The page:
“171” boy names: Konstantinos, Oluwatimilehin
9 via 180
The unisex name Kamsiyochukwu adds up to 180, which reduces to nine (1+8+0=9).
What Does “9” Mean?
First, we’ll look at the significance assigned to “9” by two different numerological sources. Second, and more importantly, ask yourself if “9” or any of the intermediate numbers above have any special significance to you.
“9” (the ennead) according to the Pythagoreans:
“It is by no means possible for there to subsist any number beyond the nine elementary numbers. Hence they called it ‘Oceanus’ and ‘horizon,’ because it encompasses both of these locations and has them within itself.”
“Because it does not allow the harmony of number to be dissipated beyond itself, but brings numbers together and makes them play in concert, it is called ‘concord’ and ‘limitation,’ and also ‘sun,’ in the sense that it gathers things together.”
“They also called it ‘Hyperion,’ because it has gone beyond all the other numbers as regards magnitude”
“The ennead is the first square based on an odd number. It too is called ‘that which brings completion,’ and it completes nine-month children, moreover, it is called ‘perfect,’ because it arises out of 3, which is a perfect number.”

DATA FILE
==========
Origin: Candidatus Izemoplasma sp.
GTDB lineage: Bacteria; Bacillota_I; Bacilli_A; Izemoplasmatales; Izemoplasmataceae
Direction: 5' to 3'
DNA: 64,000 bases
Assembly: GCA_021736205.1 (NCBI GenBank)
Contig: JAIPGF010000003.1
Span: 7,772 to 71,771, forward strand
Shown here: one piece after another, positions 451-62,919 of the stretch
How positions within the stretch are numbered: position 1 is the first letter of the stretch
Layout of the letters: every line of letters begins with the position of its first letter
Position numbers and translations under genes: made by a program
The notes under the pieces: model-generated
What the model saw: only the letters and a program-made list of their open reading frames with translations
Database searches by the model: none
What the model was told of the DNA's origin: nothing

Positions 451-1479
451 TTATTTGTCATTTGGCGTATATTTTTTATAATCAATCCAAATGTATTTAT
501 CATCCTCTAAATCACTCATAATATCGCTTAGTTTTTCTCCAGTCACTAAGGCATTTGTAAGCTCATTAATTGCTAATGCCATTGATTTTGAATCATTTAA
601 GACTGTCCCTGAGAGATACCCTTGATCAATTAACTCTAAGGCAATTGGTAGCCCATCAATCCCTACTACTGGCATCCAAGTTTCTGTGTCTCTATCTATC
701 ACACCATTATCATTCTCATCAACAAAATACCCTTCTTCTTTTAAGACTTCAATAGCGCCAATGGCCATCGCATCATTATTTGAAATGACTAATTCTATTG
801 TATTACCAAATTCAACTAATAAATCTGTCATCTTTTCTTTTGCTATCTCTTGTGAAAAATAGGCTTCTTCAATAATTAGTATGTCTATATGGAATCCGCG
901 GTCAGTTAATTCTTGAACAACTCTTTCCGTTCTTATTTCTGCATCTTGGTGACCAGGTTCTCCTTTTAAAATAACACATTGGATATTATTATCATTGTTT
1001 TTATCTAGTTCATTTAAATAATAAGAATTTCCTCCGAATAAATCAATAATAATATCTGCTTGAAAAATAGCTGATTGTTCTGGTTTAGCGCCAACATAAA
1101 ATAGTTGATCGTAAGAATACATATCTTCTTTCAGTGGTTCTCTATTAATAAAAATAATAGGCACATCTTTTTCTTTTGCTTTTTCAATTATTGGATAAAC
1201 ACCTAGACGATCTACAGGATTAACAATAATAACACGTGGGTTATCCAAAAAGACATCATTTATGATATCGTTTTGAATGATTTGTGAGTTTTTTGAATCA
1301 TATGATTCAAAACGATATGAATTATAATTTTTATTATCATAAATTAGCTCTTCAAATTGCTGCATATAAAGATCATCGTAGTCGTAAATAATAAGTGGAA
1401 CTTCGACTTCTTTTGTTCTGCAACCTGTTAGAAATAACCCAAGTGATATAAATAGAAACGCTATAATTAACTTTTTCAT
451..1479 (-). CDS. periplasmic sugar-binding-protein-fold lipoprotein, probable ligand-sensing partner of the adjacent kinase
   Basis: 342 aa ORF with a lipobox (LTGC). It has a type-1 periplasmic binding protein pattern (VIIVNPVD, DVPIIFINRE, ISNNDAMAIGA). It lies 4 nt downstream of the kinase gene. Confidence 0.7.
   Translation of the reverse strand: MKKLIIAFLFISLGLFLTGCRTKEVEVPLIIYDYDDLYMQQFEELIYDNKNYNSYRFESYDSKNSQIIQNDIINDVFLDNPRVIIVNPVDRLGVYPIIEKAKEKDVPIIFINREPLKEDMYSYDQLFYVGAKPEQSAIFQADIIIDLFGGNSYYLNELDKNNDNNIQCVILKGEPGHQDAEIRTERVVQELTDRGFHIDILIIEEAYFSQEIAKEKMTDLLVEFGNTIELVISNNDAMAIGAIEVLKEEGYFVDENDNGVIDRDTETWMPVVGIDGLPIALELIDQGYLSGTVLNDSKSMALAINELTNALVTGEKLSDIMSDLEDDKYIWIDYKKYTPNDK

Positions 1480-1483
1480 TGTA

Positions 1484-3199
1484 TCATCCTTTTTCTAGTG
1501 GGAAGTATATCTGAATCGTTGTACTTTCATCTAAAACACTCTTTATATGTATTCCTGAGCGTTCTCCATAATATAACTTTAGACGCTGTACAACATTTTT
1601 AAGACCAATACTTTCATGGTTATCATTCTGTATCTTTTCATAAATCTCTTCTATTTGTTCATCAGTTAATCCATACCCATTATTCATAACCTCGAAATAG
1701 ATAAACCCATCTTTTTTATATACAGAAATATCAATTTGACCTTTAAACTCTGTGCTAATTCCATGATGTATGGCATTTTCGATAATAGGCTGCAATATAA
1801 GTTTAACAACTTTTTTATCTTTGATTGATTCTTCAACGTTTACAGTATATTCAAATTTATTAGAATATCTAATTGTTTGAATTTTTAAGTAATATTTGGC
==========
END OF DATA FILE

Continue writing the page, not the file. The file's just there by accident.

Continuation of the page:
“It was called ‘assimilation,’ perhaps because it is the first odd square”
“They used to call it […] ‘banisher’ because it prevents the voluntary progress of number; and ‘finishing-post’ because it has been organized as the goal and, as it were, turning-point of advancement.”
“9” according to Edgar Cayce:
“Nine – the change” (reading 261-14).
“Nine indicates strength and power, with a change” (reading 261-15).
“Nine making for the completeness in numbers; […] making for that termination in the forces in natural order of things that come as a change imminent in the life” (reading 5751-1).